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Title: Shadows, struggles and poetic guilt : Glyn Jones, his literary doubles and the Welsh-language tradition
Author: Parker, Louise Jane
Awarding Body: Swansea University
Current Institution: Swansea University
Date of Award: 2011
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An 'Anglo Welsh' writer who emerged in the 1930s to considerable acclaim in Wales and London, Glyn Jones was a contemporary and friend of Dylan Thomas. An innovative Welsh Modernist, he found the genres of poetry and the short story best suited to the exhibition of his concise, imagist and often grotesque experimentalism. Unlike Thomas, he wrote two novels, was a 'gentle' satirist of Welsh culture, and was deeply embroiled in the 'post-colonial' cultural conflicts of his nation. Jones struggled to find expression between two languages and worked insistently (often antagonistically) in the Welsh literary scene throughout its most controversial century, when it fought to save the Welsh language and resolve its conflicting cultural factions into a consolidated national identity. Jones was, to adopt the rubric of Bhabha, stranded in the cultural margins at the intersection of the English and Welsh languages, and this thesis situates itself accordingly. The first of six chapters examines the ways in which the Welshlanguage culture of Wales engaged Glyn Jones, and explores how a liminal voice can establish its cultural validity via rewriting autobiography into a 'mythical' history. The second chapter adopts Harold Bloom, the concept of intertext and psychological notions of the 'other', to address Jones's conflicted relationship with Dylan Thomas. The third attempts to analyse his twentieth-century dialogue with Dafydd ap Gwilym as he seeks affirmation from his fourteenth-century double. The fourth continues this 'othering' of Welsh ancients and considers how Wales is refracted in some of his work through the literary excavation of Llywarch Hen, tenth-century defender of his princedom, but willing forfeiter of his sons. The fifth chapter considers how Jones inherited but re-invented the role of the cyfarwydd (storyteller), and the sixth explores how Hen Benillion (Welsh folk poetry) fostered his peculiarly Welsh Modernism.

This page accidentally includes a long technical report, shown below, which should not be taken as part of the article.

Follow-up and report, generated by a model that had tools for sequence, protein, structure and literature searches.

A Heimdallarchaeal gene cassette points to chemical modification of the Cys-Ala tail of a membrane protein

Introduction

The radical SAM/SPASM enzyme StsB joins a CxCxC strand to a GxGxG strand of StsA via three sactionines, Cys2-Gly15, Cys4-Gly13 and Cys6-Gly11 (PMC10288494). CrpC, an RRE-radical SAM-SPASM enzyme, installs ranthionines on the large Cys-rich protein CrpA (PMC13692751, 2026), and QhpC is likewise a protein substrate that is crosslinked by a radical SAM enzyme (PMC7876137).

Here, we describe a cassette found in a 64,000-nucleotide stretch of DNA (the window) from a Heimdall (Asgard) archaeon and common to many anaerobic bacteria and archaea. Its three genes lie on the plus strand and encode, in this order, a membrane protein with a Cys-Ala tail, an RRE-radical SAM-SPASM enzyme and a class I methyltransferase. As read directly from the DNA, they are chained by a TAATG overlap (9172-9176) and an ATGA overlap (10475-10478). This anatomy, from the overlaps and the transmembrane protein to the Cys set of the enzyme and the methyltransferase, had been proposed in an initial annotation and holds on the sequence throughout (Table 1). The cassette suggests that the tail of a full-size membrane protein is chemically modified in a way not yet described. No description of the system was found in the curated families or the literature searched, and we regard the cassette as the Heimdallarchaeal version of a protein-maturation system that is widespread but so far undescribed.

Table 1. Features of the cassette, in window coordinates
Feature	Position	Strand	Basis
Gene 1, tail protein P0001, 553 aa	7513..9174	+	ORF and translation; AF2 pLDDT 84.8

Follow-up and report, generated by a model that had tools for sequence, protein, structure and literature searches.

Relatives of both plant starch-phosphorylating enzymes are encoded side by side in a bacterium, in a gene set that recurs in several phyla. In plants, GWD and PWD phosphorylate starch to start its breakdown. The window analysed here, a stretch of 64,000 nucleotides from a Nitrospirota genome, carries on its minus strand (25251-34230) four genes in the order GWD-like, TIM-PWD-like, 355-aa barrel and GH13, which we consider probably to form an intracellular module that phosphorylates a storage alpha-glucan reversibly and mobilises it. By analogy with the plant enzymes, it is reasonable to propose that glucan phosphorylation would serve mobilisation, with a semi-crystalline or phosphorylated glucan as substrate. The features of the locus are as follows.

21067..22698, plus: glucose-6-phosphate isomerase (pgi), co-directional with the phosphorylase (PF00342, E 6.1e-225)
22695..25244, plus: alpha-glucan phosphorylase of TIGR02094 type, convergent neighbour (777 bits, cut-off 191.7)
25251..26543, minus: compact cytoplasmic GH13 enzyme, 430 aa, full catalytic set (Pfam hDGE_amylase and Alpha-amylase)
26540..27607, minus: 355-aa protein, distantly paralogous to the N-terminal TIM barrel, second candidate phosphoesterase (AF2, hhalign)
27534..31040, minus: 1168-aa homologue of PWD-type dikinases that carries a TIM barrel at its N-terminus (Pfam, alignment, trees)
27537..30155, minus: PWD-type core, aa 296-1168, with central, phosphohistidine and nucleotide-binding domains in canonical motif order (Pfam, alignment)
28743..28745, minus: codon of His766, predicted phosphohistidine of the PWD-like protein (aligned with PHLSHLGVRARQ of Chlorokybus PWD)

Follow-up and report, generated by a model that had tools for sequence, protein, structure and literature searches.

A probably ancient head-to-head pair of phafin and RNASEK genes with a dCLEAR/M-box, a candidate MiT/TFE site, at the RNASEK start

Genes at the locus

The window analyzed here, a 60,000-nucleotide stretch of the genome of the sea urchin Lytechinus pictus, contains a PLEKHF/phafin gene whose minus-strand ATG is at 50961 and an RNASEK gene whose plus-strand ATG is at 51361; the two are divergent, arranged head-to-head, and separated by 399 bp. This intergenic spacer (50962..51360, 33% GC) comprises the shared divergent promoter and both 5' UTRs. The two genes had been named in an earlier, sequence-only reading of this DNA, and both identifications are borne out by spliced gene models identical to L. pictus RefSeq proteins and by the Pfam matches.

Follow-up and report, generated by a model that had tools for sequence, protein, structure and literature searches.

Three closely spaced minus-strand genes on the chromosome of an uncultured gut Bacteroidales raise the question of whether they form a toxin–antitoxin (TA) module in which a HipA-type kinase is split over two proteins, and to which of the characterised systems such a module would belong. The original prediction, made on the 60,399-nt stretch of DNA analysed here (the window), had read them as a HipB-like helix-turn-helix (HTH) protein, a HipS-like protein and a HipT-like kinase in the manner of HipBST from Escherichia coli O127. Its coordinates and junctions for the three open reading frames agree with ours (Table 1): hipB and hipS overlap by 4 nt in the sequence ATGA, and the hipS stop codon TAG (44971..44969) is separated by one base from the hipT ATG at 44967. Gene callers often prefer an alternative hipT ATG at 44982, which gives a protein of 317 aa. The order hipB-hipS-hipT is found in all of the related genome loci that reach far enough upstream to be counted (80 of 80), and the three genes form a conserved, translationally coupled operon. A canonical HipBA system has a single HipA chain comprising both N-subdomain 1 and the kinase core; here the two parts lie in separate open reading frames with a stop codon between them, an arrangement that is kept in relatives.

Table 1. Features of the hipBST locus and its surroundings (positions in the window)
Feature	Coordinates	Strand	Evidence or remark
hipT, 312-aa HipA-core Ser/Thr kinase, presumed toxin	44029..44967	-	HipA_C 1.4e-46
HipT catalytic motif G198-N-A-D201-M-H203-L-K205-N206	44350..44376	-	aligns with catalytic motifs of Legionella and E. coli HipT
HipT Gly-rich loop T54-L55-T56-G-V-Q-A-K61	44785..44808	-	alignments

Supervisor: Not available Sponsor: Not available
Qualification Name: Thesis (Ph.D.) Qualification Level: Doctoral
EThOS ID:  DOI: Not available
Keywords: Jones, Glyn, 1905-1995--Criticism and interpretation ; English literature--Welsh authors--History and criticism ; Welsh language--History